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Thai Law Insights

Summer Internship at CSBC Law Offices: Perspectives from a Foreign Second Year Law Student

Supawit (Zen) Kitisook (2016 Thammasat Legal Intern)

What is it like working at a law firm? This question has undoubtedly been asked by hordes of law students over the years, myself included. What is it like working at a law firm in a foreign country? That’s a question probably asked exponentially less. One internship at CSBC Law Offices later and both questions have now been answered to me.

As a foreign student who just concluded his second year of law school at Thammasat University’s International LLB program, I was still quite clueless on the minutiae of what working at a law firm entailed. Prior to the start of the internship I was quite apprehensive as this was my first professional foray into the legal field; while I may have studied in Bangkok for the last few years, I was afraid that the cultural differences and language barrier would be too vast for me to mesh well with the attorneys at the office.

Thankfully however, this was not the case. I was welcomed with open arms by a distinctly capable cast of seasoned attorneys and staff members; under their guidance I was able to learn new and interesting legal knowledge. I also gained invaluable hands on experience which helped me understand how to better apply legal concepts learned in class to real life situations. Each day brought a new work ranging from translating legal articles and contracts, contract and document review, legal research, contacting government ministries, and corresponding with clients. One of the more unique cases I had the pleasure to assist in involved a mixture of tax and public international law.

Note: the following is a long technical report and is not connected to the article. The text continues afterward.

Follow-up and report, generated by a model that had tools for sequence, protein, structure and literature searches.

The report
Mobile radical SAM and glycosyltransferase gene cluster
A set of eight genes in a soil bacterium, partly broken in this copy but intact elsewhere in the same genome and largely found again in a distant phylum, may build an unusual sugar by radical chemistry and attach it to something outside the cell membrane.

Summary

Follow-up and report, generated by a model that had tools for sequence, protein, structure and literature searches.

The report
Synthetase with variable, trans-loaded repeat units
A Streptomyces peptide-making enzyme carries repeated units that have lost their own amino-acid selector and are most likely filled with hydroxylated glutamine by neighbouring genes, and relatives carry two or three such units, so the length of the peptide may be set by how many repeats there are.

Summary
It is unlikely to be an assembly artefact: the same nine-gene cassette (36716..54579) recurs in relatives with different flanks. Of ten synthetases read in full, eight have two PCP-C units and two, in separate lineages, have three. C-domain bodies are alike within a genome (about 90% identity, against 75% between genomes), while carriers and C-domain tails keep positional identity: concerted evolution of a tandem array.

During my internship I also had the opportunity to visit the Central Labour Court. During my visit it became clear to me that a major characteristic of the Thai legal system was that laws were often legislated to aid in reaching specific social goals and create equity between various parties. An example of this is how Thai labour law tends to favour employees because they are generally perceived to have less bargaining power as opposed to employers. Another example of this are the various laws governing foreigners wishing to live or work in Thailand. This overt use of law as an instrument to foster equity is not as common in the US; when Thailand’s enormous wealth inequality is taken into consideration this use of law is a seemingly essential tool for the nation’s development.

Overall, my internship at CSBC was extremely enlightening both professionally and academically. The contrasts between Thai and American law was extremely interesting to explore and discuss with the associates at CSBC. I concluded the internship with a clear understanding of what working at a law firm abroad is like along with a better idea on what fields of law I should focus on. I would like to extend my deepest thanks to CSBC Law Offices for giving me the opportunity to take part in a truly unique learning experience and for the guidance they gave me over the course of the internship.